linkfest – 07/17/11

The Brain on Trial“Many of us like to believe that all adults possess the same capacity to make sound choices. It’s a charitable idea, but demonstrably wrong. People’s brains are vastly different.”

So how often does medical consensus turn out to be wrong?

Urge to binge on fatty food ‘dates back to the Ice Age’“British scientists have discovered a DNA switch in the brain that they believe makes Europeans far more likely to binge on fatty food than those living in the East.” – thnx, ice age.

Diver Snaps First Photo of Fish Using Tools – cool!

18 Attributes of Highly Effective Liars“[M]ost characteristics we mentioned are inherent, and related to personality.”

Chinese doctor sets out to ‘cure’ bad driving“When compared to safe drivers, accident prone ones score worse on tests of their night vision, depth perception and ability to estimate speed. Personality tests show they tend to be more extroverted and enjoy taking risks. By testing the DNA samples of about 350 Chinese bus drivers from Hangzhou, [Dr. Jin Huiqing] found that three genes show potential links to accident prone driving.”

Genes Linked to Restless Legs Syndrome Identified

Princeton release: High social rank comes at a price, researchers find“[I]n wild baboon populations, the highest-ranking, or alpha, males have higher stress-hormone levels than the highly ranked males below them, known as beta males — even during periods of stability.”

Baby Parrots Learn Their Names From Their Parents – cool! wait. parrots have names??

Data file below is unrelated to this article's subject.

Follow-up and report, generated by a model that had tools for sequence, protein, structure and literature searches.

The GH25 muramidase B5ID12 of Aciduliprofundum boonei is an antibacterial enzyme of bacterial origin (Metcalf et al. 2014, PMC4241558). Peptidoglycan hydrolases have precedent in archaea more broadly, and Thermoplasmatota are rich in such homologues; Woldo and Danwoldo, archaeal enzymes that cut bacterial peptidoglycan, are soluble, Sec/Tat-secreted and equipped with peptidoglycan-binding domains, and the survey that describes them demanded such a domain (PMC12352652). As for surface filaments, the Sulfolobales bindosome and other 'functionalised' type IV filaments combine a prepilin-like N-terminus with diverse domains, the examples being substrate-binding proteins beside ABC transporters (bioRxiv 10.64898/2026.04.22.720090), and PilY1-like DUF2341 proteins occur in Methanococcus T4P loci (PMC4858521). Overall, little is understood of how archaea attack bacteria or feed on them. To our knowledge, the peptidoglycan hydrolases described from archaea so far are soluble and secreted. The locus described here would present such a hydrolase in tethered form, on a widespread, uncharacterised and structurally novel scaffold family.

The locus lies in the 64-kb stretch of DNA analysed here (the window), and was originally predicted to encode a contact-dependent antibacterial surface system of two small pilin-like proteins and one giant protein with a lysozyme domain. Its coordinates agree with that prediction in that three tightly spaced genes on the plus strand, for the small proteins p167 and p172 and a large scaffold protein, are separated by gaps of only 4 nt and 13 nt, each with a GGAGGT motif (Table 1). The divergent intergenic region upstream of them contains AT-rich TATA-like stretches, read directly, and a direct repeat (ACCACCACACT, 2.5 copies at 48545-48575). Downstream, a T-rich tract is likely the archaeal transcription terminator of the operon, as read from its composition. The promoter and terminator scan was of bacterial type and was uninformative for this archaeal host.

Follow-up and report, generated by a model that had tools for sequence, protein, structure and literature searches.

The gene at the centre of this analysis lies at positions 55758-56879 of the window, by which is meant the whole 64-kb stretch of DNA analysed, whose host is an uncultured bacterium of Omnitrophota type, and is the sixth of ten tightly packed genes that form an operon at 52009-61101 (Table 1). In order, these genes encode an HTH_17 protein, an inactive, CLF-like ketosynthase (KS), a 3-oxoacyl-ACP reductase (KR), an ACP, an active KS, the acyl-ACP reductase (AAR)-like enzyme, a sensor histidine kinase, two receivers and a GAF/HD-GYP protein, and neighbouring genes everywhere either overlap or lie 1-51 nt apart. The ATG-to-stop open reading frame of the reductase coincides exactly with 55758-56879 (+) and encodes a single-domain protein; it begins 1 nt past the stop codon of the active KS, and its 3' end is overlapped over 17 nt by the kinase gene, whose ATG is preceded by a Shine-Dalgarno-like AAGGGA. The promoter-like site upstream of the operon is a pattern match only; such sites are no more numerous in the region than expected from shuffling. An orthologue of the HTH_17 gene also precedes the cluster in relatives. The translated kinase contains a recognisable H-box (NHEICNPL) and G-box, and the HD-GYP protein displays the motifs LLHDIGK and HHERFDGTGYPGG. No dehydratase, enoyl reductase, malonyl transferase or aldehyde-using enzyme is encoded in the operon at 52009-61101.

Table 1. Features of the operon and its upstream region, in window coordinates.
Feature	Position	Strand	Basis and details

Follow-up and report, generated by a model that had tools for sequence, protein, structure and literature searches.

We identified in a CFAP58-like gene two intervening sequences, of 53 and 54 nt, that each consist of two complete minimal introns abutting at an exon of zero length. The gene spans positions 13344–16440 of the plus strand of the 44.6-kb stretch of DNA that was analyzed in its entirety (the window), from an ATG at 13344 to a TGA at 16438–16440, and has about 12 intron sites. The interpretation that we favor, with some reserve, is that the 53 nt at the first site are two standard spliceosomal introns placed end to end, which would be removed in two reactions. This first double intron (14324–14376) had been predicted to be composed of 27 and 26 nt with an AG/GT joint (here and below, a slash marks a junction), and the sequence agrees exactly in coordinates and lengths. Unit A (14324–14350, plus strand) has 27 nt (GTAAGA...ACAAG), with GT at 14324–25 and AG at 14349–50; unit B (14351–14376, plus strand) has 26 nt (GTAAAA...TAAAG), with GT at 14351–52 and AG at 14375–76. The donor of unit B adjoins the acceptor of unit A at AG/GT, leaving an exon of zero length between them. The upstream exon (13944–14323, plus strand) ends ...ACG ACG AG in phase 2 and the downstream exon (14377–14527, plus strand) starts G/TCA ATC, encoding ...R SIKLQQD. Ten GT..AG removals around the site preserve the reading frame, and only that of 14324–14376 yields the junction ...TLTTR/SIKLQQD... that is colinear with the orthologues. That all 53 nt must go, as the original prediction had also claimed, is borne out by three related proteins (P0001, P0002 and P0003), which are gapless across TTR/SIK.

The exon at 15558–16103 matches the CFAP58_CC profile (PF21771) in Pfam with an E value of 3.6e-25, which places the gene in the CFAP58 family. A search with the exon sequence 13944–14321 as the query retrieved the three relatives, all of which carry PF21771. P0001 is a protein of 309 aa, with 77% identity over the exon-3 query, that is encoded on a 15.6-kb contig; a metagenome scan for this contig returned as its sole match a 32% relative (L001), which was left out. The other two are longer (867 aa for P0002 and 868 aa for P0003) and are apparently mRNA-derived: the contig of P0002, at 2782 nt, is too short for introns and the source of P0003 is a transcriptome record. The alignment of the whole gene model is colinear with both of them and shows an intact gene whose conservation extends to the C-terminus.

sea anemones have personality – personality goes a long way.

Setting the record straight almost impossible“The effect of misinformation on memory and reasoning cannot be completely eliminated, even after it has been corrected numerous times, say Australian psychologists.”

bonus: A new Great Game is evolving in Afghanistan

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eat salt!

eat salt already! from scientific american:

“It’s Time to End the War on Salt”
“The zealous drive by politicians to limit our salt intake has little basis in science

This week a meta-analysis of seven studies involving a total of 6,250 subjects in the American Journal of Hypertension found no strong evidence that cutting salt intake reduces the risk for heart attacks, strokes or death in people with normal or high blood pressure. In May European researchers publishing in the Journal of the American Medical Association reported that the less sodium that study subjects excreted in their urine — an excellent measure of prior consumption — the greater their risk was of dying from heart disease. These findings call into question the common wisdom that excess salt is bad for you, but the evidence linking salt to heart disease has always been tenuous….

“Rather than create drastic salt policies based on conflicting data, Alderman and his colleague Hillel Cohen propose that the government sponsor a large, controlled clinical trial to see what happens to people who follow low-salt diets over time. Appel responds that such a trial ‘cannot and will not be done,’ in part because it would be so expensive. But unless we have clear data, evangelical antisalt campaigns are not just based on shaky science; they are ultimately unfair. ‘A great number of promises are being made to the public with regard to this enormous benefit and lives saved,’ Cohen says. But it is ‘based on wild extrapolations.‘”